"Mba'e Actividad" means "What Activity" in the language Guarani. This post is dedicated to things I have been doing since my last post. I'm trying to post more consistently. I also decided to make my photos bigger in this post. I've been thinking that I really enjoy blogging because it is the same as a journal, only with digital photos and I don't have to keep track of a notebook. Write the post and it's done. So here is what I have been up to lately.
This is the swamp behind my house. It used to be a lot bigger before the dam was put in. It is still pretty big but easily crossed by foot. You walk through about a half a mile of forest/jungle(with monkeys!) before you come to the swamp. At that point you take off your shoes and you walk through the swamp to the other shore. There's actually two swamps with a little strip of dry land on the other side of the swamp pictured below, then more swamp until you reach the river. It's an entertaining walk to be sure.
This is me playing ferry (not fairy) across the swamp. This part of the swamp has a nice sandy bottom and is very refreshing to cross on a hot day. It was not hot on this day.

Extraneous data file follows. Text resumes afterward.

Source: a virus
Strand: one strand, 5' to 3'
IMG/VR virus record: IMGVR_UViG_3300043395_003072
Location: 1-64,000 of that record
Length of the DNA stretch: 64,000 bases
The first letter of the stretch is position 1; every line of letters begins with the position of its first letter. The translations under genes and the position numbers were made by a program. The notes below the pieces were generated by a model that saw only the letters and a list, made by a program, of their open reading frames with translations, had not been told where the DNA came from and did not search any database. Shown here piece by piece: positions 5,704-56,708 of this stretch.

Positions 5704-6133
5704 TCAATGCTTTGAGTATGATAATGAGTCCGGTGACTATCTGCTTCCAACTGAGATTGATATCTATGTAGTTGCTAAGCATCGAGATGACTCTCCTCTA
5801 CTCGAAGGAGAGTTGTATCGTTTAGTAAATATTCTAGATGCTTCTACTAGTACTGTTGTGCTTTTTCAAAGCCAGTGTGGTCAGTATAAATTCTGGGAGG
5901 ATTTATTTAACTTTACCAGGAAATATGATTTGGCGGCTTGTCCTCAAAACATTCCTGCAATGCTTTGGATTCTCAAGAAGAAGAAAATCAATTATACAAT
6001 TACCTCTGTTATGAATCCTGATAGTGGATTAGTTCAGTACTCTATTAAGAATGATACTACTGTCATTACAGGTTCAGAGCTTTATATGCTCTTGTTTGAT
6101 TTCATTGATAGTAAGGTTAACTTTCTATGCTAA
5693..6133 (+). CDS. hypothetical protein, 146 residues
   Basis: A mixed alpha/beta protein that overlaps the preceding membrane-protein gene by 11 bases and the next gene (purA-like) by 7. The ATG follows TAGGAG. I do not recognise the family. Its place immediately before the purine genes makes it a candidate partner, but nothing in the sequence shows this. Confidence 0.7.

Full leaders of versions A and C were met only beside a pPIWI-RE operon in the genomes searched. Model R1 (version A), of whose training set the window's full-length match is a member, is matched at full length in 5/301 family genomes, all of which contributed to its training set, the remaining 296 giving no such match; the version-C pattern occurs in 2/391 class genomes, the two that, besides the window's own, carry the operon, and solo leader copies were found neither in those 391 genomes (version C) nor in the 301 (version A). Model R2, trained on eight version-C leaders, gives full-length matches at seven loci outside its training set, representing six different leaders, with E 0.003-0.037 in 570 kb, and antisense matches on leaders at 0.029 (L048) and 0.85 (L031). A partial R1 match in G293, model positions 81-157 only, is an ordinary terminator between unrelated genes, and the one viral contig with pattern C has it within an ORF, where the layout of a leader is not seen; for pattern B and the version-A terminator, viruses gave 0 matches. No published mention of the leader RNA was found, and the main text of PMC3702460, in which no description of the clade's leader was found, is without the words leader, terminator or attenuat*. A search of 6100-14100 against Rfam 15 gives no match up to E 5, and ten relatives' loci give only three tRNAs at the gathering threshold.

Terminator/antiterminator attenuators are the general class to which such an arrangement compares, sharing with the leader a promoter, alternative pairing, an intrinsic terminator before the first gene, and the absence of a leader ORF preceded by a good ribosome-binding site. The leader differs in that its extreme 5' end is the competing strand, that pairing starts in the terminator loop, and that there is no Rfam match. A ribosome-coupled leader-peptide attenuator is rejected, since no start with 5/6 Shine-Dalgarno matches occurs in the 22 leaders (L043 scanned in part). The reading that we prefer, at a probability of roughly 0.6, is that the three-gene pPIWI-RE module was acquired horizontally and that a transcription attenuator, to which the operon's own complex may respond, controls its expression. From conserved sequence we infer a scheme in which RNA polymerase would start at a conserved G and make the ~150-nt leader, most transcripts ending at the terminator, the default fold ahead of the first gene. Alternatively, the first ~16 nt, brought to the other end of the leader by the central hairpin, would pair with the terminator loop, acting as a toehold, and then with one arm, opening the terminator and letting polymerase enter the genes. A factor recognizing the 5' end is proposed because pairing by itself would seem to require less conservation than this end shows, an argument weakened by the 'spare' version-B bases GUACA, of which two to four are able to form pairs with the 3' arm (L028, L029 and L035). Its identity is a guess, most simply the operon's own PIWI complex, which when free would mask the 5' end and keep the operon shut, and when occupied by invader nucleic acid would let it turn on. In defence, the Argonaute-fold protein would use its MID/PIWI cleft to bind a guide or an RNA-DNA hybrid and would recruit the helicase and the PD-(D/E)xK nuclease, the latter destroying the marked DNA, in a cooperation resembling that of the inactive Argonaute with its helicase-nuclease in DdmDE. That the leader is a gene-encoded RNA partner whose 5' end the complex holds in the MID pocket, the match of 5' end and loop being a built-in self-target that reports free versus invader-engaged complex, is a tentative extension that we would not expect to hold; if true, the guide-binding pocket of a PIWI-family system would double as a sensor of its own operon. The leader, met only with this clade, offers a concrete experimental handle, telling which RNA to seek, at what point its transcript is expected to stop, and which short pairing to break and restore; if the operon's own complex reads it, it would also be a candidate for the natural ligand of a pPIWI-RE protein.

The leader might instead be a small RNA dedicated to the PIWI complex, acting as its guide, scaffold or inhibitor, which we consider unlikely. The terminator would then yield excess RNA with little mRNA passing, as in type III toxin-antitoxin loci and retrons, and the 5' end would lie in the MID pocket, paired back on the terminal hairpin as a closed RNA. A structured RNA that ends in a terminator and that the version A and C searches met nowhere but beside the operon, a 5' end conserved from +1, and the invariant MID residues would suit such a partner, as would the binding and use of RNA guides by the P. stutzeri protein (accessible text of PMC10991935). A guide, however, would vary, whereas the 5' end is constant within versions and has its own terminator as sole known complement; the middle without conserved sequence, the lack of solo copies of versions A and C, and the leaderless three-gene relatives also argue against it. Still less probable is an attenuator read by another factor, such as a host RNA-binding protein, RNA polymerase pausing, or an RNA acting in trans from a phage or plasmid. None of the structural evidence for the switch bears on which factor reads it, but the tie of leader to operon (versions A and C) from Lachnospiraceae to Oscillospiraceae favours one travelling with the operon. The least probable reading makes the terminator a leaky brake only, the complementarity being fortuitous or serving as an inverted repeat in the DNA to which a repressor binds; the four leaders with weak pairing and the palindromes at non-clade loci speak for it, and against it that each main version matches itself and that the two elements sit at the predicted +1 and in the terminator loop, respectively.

A nice candid shot of the group of us crossing the swamp. While the two people I carried might have stayed dry crossing the marshy area. Their feet were not to stay dry for the remainder of the trip.
I call this shot "Using Bridge as Fence". Think about that for a second. To try and avoid getting wet crossing to the other side we decided to cross a fence. I still got wet. The wire bent enough that my boots still still were submerged in water at certain points.
The whole crew posing after a successful crossing of the marshland. Shoes albeit wet.
A nice sunset the day after the successful completion of our mini adventure.
It's taken some time to get used to this method but the delicious harvest it produces justifies the means. The animals are raised for meat after all. Here is the owner of one of the cows we killed standing next to the meat she is going to sell that day. This cow produced a few hundred pounds of meat.